On 9 December 2016, the second workshop for the Big Data Europe Health, Demographic Change and Wellbeing societal challenge was held in Brussels. The aim of this workshop was to highlight progress from the BigDataEurope project in building the foundations of a generically applicable big data platform which can be applied across all Horizon 2020 societal challenges. This workshop specifically focused on health, and showcased our first pilot’s application to early bioscience research data.
The workshop had 15 participants, from within the health domain and outside it, including many participants from the European Commission. Together we discussed different perspectives on how we may use appropriate H2020 instruments and work programmes to better integrate the ecosystem of linked data repositories, data management services and virtual collaboration environments to increase the pace of knowledge sharing in health.
The workshop featured presentations from BDE’s Simon Scerri and Aad Versteden on the general goals and progress of the BigDataEurope project and the BDE infrastructure respectively. After lunch, Ronald Siebes (BDE / VU Amsterdam) presented the first pilot in this specific domain. More information on that pilot can be found here. An extensive round-table discussion followed, in which possible options for new applications and connections were considered.
One question raised was whether the generic BDE infrastructure can be used by European SMEs. The fact that the BDE infrastructure is completely Open Source, very easy to install and features intuitive interface components makes re-use relatively simple even for smaller institutions and companies.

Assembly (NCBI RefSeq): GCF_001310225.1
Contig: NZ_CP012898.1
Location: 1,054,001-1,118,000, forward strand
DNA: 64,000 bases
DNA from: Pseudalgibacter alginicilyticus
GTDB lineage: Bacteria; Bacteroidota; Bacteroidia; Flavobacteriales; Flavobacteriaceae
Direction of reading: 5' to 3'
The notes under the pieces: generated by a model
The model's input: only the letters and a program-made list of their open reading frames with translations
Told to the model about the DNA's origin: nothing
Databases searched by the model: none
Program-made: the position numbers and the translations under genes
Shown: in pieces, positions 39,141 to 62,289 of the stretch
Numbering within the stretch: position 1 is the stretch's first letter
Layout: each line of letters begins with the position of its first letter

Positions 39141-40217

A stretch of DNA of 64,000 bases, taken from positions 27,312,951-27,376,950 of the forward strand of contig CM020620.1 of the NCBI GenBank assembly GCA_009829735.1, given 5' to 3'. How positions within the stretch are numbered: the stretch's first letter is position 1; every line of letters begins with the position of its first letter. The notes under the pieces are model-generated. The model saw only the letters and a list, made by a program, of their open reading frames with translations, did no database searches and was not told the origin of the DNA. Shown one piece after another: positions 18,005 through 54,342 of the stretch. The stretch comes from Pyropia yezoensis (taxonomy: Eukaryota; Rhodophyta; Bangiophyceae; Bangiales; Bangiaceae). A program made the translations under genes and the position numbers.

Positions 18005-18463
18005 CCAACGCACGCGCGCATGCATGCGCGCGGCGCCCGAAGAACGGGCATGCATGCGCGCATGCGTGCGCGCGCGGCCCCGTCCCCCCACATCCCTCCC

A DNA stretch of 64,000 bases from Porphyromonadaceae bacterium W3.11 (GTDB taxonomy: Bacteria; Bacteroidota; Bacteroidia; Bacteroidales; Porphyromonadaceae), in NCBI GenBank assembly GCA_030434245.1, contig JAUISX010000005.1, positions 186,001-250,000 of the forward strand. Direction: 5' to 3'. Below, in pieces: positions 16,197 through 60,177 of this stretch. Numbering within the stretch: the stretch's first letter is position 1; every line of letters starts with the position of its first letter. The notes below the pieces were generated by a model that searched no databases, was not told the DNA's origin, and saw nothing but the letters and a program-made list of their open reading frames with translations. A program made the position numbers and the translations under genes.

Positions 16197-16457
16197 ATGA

A significant part of the discussion focussed on possible new use cases for expanding the scope of the pilot. One suggestion was to look at post-hoc integration of clinical data, which represents a typical problem of data ‘variance’. This would require integrating information from different versions of medical questionnaires, which may be recorded or stored in different ways. Data provenance is also a key concern, as keeping a trail of what has happened to clinical data is crucial to tracking patients’ histories. Once integrated, this data could then be mined to identify biases or data patterns.
Finally, the workshop participants discussed potential connections to other European projects. Here many projects were mentioned including the MIDAS project, the Big-O project on childhood obesity, the PULSE projects and IMI / IMI2 projects including EMIF. We will be seeking collaborations with these projects and will continue to develop new and interesting Big Data use cases in this domain in the coming year.